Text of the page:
The study of Tanach is central to the education of our students. Our Tanach curriculum is divided by semester: in the Fall, students study Chumash, and in the Spring, they study Navi/Ketuvim. As will be outlined further below, course offerings are not only sequenced by grade, but also differentiated by level in order to best meet the needs of each of our students.
10th Grade Chumash: Bemidbar
The book of Bemidbar is transformative. Our study begins in the 2nd year of the exodus and culminates in the 40th year, the generation of fathers and mothers who physically left Egypt pass on and a new generation is born free in the wilderness (Bemidbar). The sefer begins in a positive forward movement traveling through the desert, guided by clouds of glory and the pillar of fire. Yet the forward progressive thrust goes through much turbulence as the young nation begins complaining and expressing nostalgia to the slave life and a desire to regress. The inability of the generation to transcend the slave mentality reaches a peak in the unfortunate episode of the spies which brings the forward movement to a halt, condemning the generation to living its final days in the wilderness. A new generation born free with the emotional fortitude to move forward emerges by the end of the sefer. We will follow our ancestors' journey in the desert and see where it takes us.
10th Grade Navi: Yeshayahu
We will study an overview and selection of chapters from the Navi Yeshayahu, focusing on the prophet's message to the people of Yehudah during the Assyrian conquest of the kingdom of Israel. Yeshayahu stresses the importance not only of korbanot, but of justice, righteousness, and interpersonal morality. We will also learn about Chizkiyahu, the righteous king who fortifies Yerushalayim during the Assyrian siege through prayer and physical action, including the construction of the Chizkiyahu water tunnel. This sefer is the source of many famous haftarot, including both prophecies of destruction and beautiful messages of comfort and consolation.
Through the course of their study, our students develop a deep understanding and appreciation for Talmud study – its principles, methodologies, and law. Beyond developing their reading and comprehension skills, students develop training in analytical reasoning and logical argumentation, and learn how to navigate and debate complex legal and philosophical matters.
In order to create a vibrant, unified and collaborative community of Torah learning that cuts across classes and grades, the entire school learns the same masechet (tractate) of Talmud (although, of course, teaching is tailored to be grade-appropriate).
This year, we will be learning Masechet Sanhedrin, primarily the eighth chapter (פרק בן סורר ומורה). In the course of study, we will explore life and death dilemmas in halacha and the complex moral and legal issues that arise in such situations. Selected sugyot (talmudic topics) include:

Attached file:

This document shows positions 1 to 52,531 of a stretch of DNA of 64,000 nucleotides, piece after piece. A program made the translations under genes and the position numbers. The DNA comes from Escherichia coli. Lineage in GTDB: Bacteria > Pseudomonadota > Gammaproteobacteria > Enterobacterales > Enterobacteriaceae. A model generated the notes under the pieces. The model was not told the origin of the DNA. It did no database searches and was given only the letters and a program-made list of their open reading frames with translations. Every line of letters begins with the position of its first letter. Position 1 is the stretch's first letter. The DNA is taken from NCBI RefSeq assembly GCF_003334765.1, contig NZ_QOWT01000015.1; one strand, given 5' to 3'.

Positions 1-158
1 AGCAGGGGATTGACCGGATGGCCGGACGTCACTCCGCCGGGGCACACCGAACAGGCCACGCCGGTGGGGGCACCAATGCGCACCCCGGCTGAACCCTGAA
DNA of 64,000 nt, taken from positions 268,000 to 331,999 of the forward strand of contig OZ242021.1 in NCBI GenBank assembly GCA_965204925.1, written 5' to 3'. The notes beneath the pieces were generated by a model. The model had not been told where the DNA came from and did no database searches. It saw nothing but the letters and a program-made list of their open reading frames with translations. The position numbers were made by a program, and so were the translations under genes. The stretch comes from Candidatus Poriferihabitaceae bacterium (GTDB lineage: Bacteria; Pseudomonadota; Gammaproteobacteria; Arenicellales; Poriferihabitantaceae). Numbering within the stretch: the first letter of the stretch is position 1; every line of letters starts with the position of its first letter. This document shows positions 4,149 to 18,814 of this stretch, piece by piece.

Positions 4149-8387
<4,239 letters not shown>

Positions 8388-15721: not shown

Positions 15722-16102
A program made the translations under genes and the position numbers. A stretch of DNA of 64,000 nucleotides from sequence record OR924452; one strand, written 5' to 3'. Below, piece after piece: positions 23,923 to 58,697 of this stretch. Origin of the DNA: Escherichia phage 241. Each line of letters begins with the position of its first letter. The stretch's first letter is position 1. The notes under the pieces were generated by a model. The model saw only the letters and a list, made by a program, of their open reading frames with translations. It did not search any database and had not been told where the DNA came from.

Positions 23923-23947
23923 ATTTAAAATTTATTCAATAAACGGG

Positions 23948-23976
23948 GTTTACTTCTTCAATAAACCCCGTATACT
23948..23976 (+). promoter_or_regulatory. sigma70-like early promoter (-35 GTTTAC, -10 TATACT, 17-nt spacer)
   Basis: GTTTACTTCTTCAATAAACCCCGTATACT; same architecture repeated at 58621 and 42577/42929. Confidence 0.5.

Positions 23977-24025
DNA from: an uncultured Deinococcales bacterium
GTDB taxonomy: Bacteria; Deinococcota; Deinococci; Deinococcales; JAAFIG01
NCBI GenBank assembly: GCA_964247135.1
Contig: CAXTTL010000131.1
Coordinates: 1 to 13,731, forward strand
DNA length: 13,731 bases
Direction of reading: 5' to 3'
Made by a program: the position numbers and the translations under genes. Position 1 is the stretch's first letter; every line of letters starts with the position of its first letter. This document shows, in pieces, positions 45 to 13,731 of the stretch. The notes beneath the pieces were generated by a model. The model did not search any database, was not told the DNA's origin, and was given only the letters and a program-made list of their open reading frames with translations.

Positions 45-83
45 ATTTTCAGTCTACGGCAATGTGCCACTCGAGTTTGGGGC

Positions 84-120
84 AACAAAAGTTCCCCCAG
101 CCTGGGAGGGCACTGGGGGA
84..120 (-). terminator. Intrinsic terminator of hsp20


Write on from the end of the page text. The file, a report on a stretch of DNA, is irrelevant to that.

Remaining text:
בן סורר ומורה: the rebellious son
בא במחתרת: standing your ground
רודף: the right to self-defense
מצות הצלה: how much personal risk must one take to save another person
יהרג ואל יעבור: what ought a Jew die for?
קים ליה בדרבה מיניה: criminal punishment
To meet the personalized needs of each of our students, we offer four Talmud tracks per grade.
9th-11th Grade Hilchot Kashrut
This course provides a comprehensive exploration of the halachic principles and practical applications of Kashrut. Students will gain an understanding of the underlying halachic framework that governs Kashrut and how it relates to contemporary issues and challenges. Students will also explore “bigger questions” like how the laws of kashrut impact our religious lives and Jewish identity. Through close reading and analysis of primary texts, students will develop critical thinking and legal reasoning skills as well as practical tools they can use to navigate the complex world of Kashrut in their daily lives. By the end of the course, students will have gained a deep understanding of the principles of Kashrut and developed the skills to apply this knowledge to real-world situations, both inside and outside the kitchen.
10th-11th Grade Taamei Hamitzvot: Exploring the Meaning and Purpose of Mitzvot
In this course, students embark on a fascinating journey into the depths of Jewish law, focusing on the exploration of the meaning and purpose behind specific mitzvot. Through engaging discussions and thought-provoking analyses, students will develop a comprehensive understanding of a wide range of mitzvot found in the Torah. This course not only aims to provide knowledge but also instills a deep love and appreciation for the mitzvot, encouraging students to embrace a lifelong commitment to their observance.
Biblical texts and rabbinic commentaries will be consulted. Through textual and philosophical analysis, students will be introduced to the ancient Jewish conversations surrounding the underlying meanings, principles, and values embedded within the mitzvot. Interactive class discussions will encourage students to share their perspectives, ask questions, and critically analyze the purpose and significance of each mitzvah. Through reflection and dialogue, students will deepen their understanding and develop their own personal connections to the mitzvot.
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